Balance is the bottom line when it comes to ceiling fans. If the angles of each blade don’t match, the fan will wobble, which can cause inefficiency and even damage. Fan blades also have to weigh exactly the same or you’ll get a wobble. Ceiling fans must be precise. If they’re not, they’ll be noisy and completely dysfunctional.

Angled fan blades on a ceiling fan.

#5 Shape & Size of the Blade Can Impact Your Electric Bill

Did you know that the shape and size of the blades significantly change how much air circulates and therefore can influence how much electricity it takes to create airflow in your room? Blades that are extra long or wide, ironically, move less air than a moderately sized blade if the motor doesn't have the right level of power. Same goes for narrower and shorter blades. The motor needs to match the size of the blade. 

Most fan blades are a sort of rectangular shape with tapered or rounded ends. You’ll also see some alternative shapes that tout higher energy efficiency and better air circulation. These often look like plane propeller blades. Do they work better? Maybe. But for the purposes of your home, standard blades get the job done just as well.

#6 Different Ceiling Heights Require Different Installation

Depending on the height of your ceiling, you may have to install your ceiling fan differently. Did you know that airflow is impacted by the distance between the fan and the floor/ceiling? There are two rules of thumb when it comes to how to hang your ceiling fan. A fan that is 10-12 inches from the ceiling does the best job with air circulation. However, if the ceilings aren’t standard height, everything changes.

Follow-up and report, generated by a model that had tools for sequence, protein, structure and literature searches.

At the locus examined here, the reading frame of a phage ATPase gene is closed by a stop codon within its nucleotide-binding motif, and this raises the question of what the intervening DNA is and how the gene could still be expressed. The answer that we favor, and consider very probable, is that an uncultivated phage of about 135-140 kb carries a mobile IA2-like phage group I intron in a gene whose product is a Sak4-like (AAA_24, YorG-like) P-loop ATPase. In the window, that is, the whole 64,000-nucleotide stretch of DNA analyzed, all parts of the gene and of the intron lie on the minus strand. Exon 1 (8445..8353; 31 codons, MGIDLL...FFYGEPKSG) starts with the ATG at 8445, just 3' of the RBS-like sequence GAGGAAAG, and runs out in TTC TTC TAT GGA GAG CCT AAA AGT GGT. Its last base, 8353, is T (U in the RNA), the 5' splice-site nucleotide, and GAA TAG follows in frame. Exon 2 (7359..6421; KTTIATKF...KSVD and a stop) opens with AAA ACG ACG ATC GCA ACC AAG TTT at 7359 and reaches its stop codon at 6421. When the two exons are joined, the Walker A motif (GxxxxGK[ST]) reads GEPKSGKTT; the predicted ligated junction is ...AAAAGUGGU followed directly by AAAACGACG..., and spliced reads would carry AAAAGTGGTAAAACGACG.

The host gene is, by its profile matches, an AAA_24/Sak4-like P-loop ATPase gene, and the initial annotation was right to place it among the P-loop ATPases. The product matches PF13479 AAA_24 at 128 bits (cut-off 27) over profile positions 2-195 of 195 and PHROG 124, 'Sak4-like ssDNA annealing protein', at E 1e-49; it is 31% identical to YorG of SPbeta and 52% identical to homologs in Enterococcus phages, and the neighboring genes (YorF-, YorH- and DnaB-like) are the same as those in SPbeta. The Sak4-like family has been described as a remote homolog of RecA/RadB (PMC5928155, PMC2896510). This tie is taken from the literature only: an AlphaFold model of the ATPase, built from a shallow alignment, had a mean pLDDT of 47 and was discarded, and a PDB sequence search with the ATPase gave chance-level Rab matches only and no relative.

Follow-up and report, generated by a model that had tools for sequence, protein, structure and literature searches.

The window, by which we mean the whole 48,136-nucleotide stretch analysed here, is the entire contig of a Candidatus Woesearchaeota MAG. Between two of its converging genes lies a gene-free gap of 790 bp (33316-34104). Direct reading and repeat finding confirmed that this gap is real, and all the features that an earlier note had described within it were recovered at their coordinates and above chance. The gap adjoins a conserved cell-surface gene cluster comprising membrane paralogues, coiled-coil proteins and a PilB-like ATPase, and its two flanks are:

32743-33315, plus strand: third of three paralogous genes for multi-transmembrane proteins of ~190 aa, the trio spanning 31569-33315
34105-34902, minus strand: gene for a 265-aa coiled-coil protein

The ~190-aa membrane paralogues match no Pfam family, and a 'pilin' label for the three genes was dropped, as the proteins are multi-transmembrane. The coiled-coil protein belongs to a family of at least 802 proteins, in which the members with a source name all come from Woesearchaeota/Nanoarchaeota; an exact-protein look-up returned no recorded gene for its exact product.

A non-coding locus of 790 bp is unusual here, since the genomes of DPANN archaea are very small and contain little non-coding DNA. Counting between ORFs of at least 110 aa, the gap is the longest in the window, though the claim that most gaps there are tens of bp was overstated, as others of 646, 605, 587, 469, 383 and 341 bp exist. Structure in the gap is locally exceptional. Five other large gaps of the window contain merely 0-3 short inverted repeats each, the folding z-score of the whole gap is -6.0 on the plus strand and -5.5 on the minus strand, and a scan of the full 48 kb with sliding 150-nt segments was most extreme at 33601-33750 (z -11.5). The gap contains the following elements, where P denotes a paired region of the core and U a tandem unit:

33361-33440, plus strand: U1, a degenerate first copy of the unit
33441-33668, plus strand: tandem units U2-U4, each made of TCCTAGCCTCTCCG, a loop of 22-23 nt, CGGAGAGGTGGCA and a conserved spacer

The better rule to go by states that a ceiling fan should be 8-9 feet from the floor. If you have vaulted ceilings or extra tall ceilings, your fan will work best when hung from a downrod. If you have lower ceilings, you may need to consider a fan designed to be closer to the ceiling, called a flush mount, low profile, or hugger fan.

Traditional fan in a bedroom.

#7 A Bigger Room Doesn’t Always Need a Bigger Fan

You might think that a bigger room needs a bigger fan and that’s usually true. Did you know that the shape of the room is the determining factor for the size of the fan? In general, you can only feel the airflow of a ceiling fan if you stand no more than two feet outside its radius. Mathematically, a ceiling fan works best in a square room. If you have a square room you can scale the fan up in size the larger the room gets. 

8 x 8 foot room needs a 30 inch diameter fan or smaller

9 x 9 foot room needs a 41 to 50 inch diameter fan

12 x 12 foot room needs a 51 to 60 inch diameter fan

16 x 16 or larger foot room needs a 61 to 70 inch diameter fan

If your room is rectangular, a bigger fan’s effectiveness will be limited. In long rooms, it’s often better to use multiple fans spread equally across the room. Split the room’s measurements into two equal squares then buy the right diameter fan for each of the squares.

Whether you wonder about the ceiling fan direction in the winter vs the summer or you’re not sure about which ceiling fans move the most air, we hope these ceiling fan facts help make your decisions easier.